# Authorea Help

Authorea supports many input formats. Most users will write using our default rich text editor and can take advantage of our rich equation editor (see Easy equation editor, below). But if you are writing a very technical paper with a lot of mathematical notation, you might want to use LaTeX or Markdown as your input format (see Advanced Equation editor, below). Find out how to easily switch between input formats.

# Easy equation editor

Users writing in rich text can take advantage of our easy-to-use equation editor. When writing, click on the equation button in the toolbar ($$x^2$$) and type in your equation, like in the image below. Upon clicking “Insert” your formula will appear in its full glory, as $$H=-\int p\left(x+y\right)^2$$

If you are (or want to be) a power user, you should know that in the background, equations in Authorea are written using the LaTeX syntax. LaTeX is a powerful language to write mathematics. If you want to use the full power of LaTeX, you should write articles using LaTeX as your default format. Here is a simple equation: $\label{eq:simple} 1+2=3$

We wrote it using the following LaTeX syntax:  $$1+2=3$$ 

Here’s another equation, a bit more complex: $\label{eqn:schwarzschild1} \nabla_{\rm rad} = \frac{3F\kappa}{4acg}\frac{P}{T^4} > \nabla_{\rm ad}.$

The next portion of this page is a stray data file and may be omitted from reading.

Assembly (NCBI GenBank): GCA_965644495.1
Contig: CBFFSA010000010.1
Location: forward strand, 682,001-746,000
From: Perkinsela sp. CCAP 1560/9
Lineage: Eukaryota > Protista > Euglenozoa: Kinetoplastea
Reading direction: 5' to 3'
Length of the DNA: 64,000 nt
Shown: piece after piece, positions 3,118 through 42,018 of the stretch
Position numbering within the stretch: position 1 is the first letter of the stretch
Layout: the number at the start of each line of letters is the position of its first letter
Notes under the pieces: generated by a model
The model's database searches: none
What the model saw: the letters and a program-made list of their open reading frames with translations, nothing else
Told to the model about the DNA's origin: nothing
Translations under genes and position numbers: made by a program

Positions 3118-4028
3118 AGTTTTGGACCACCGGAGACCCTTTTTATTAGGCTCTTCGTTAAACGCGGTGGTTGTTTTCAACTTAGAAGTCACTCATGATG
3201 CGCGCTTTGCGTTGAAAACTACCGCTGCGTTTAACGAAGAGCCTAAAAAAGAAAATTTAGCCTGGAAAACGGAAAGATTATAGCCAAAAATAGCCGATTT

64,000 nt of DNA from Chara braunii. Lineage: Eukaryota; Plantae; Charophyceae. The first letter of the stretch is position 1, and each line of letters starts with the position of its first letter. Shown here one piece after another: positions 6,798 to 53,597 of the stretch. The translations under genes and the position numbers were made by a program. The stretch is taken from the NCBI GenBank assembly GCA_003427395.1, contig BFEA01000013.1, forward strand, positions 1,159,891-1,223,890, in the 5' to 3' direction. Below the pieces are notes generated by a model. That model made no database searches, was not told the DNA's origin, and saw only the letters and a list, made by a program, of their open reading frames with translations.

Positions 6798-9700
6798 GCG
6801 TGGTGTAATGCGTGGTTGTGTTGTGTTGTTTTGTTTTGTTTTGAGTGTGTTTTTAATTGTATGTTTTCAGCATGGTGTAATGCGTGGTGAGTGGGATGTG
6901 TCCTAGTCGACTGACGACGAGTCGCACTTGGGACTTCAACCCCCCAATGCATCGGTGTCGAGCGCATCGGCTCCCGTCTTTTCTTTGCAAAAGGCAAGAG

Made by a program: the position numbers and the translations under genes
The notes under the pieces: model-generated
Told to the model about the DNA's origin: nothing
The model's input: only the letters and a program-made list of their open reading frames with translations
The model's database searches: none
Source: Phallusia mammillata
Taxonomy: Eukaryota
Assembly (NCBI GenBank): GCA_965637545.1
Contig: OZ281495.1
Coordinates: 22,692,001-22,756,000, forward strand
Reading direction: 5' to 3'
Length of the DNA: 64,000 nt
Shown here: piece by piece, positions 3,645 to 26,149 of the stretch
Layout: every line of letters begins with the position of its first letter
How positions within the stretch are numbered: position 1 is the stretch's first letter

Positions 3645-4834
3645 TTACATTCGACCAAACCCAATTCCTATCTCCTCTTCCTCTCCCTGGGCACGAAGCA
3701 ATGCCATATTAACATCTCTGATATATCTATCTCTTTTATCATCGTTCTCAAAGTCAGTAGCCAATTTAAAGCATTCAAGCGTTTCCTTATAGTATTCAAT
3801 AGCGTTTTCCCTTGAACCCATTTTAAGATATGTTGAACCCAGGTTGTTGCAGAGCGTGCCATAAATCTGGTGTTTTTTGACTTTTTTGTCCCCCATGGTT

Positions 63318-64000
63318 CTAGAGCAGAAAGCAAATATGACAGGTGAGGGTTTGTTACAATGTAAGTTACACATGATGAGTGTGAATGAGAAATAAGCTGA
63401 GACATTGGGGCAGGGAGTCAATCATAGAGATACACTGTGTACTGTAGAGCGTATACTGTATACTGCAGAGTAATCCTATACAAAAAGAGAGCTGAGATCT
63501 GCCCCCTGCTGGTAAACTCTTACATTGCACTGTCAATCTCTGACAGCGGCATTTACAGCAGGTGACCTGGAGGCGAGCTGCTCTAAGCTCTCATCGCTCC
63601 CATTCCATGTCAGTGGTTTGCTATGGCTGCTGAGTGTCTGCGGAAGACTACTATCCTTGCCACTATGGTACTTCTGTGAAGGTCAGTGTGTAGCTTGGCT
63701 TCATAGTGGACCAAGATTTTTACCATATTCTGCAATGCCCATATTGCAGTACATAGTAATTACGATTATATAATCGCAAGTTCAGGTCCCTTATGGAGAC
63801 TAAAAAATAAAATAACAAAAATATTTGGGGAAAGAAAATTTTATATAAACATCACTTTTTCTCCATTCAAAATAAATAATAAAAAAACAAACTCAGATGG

Which was written using:  $$\nabla_{\rm rad} = \frac{3F\kappa}{4acg}\frac{P}{T^4} > \nabla_{\rm ad}.$$ 

## Labeling equations

I can refer to the first equation as Eq. \ref{eq:simple} using a label. And now I will refer to the second simpler identity as Eq. \ref{eqn:schwarzschild1}.

In Authorea we require labeling of equations to be in the following form:  $$\label{eqn:equation-name} 1+2=3$$ 

Note the label format eqn:equation-name. In order to refer to this equation we would write in the text: \ref{eqn:equation-name} .

Authorea keeps track of correctly numbering the labels, even after equations are moved around in the text (you might need to refresh the page though).

## Inline equations

Bear in mind that if you want to write an inline equation, you can do so by enclosing the LaTeX math inside two dollar signs $...$ . It will be displayed inline such as $$e=mc^2$$